All that is very interesting, but if it's really RFID, I don't understand why the payment system is supposedly hard to use, it seems it should be easier than any other feature. Just wave it within a few cm from the face of a reader, confirm the amount and that should be it. I wonder if there's some connotation with the word they used for "difficult" that doesn't translate well. Maybe there's some aspect about the fact that it involves spending money they can't touch when they are a society that strongly prefers cash.

Ask an average American about Paypal --- the first 20 questions they would ask is how to put money into the paypal account (which is not exactly how it works). And the average American use debit cards and credit cards all the time.

For a cash-based society like Japan, it is going to be very difficult for them to understand.
post #141 of 156
I am curious. Can I take MY american AT&T iphone to Japan, with whatever international add-on feature that AT&T needs, & use the phone there? Also, email & browsing via wifi? I know that Japan's phone system has been proprietary for some time? With 3G technology in the iPhone does that open it up? Thanks
post #142 of 156
Quote:
Originally Posted by Mac W View Post

I am curious. Can I take MY american AT&T iphone to Japan, with whatever international add-on feature that AT&T needs, & use the phone there? Also, email & browsing via wifi? I know that Japan's phone system has been proprietary for some time? With 3G technology in the iPhone does that open it up? Thanks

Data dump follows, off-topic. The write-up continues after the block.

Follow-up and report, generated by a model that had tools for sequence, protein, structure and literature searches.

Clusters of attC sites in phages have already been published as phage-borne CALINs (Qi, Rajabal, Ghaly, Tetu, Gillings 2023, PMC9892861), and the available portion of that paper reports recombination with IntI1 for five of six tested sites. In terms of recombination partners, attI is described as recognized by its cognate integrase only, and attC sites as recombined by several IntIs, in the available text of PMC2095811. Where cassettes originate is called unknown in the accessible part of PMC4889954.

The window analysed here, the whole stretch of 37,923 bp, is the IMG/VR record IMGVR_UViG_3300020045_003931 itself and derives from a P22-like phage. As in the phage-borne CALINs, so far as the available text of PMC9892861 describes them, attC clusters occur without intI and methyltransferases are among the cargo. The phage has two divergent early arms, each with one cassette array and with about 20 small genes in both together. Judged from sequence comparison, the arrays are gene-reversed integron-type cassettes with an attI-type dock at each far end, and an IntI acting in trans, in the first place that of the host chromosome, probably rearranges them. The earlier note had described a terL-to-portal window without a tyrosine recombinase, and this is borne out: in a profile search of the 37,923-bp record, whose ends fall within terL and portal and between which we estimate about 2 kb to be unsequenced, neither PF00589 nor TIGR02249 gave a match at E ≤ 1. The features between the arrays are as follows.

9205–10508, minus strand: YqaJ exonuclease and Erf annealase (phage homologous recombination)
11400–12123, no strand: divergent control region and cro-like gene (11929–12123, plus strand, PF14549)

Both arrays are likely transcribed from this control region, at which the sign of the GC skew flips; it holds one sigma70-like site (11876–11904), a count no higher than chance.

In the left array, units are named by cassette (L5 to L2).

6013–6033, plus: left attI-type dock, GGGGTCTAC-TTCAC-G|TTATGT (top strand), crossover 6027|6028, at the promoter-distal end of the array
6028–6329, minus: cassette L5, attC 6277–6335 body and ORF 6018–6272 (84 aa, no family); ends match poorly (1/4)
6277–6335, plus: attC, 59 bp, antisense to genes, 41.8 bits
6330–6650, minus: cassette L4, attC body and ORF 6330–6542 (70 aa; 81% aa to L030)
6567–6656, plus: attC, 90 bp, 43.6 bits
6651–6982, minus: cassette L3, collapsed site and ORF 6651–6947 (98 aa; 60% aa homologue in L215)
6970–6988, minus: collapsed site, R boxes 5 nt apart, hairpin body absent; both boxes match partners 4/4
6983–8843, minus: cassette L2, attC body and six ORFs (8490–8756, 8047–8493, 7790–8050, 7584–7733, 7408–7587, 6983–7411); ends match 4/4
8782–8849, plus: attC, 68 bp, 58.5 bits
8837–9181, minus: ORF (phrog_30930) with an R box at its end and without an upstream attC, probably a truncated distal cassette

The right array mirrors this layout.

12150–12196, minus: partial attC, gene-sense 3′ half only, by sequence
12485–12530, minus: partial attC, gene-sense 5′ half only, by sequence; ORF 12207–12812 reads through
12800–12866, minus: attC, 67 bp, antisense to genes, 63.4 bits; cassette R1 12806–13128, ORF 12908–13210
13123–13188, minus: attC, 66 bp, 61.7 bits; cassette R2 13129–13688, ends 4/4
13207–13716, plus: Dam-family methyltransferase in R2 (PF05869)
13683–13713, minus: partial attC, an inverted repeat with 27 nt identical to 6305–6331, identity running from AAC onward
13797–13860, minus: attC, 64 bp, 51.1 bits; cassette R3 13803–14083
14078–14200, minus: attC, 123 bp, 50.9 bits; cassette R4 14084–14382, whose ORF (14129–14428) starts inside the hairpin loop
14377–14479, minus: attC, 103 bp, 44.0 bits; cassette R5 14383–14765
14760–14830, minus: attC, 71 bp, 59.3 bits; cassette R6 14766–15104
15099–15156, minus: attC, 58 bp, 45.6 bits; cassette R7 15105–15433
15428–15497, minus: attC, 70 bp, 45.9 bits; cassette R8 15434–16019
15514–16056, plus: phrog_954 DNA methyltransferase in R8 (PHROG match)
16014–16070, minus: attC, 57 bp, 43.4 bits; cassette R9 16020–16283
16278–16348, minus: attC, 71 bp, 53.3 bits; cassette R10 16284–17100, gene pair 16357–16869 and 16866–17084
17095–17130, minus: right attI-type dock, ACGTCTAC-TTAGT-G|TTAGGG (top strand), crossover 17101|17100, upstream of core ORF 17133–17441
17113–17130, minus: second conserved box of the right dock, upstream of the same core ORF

Same UMTS spectrum in Japan so you are fine. I wouldn't count on finding any WiFi hotspots, thought. They are apparently scarce if you believe the reports on these forums.

You need to contact AT&T before you leave to get International calling and data turned on, otherwise you'll be dead in the water.
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post #143 of 156
Quote:
Originally Posted by solipsism View Post

Same UMTS spectrum in Japan so you are fine. I wouldn't count on finding any WiFi hotspots, thought. They are apparently scarce if you believe the reports on these forums.

You need to contact AT&T before you leave to get International calling and data turned on, otherwise you'll be dead in the water.

Thank you for that info. To be more precise, will it allow me to make local calls in Japan? as well as International?
post #144 of 156
Quote:
Originally Posted by Mac W View Post

Thank you for that info. To be more precise, will it allow me to make local calls in Japan? as well as International?

Yes, but I don't know if the cost to you will be local, local with an additional charge, or some other international rate. You'll have to call or check their website for the full details.
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post #145 of 156
Quote:
Originally Posted by Joel Breckinridge View Post

Softbank has not officially announced the number of iPhone activations only the total number of 3G activations which they release every month. 3G activations are running 200,000 or so a month as Softbank 2G users upgrade. iPhone 3G is only part of that number.


I'd like to correct some.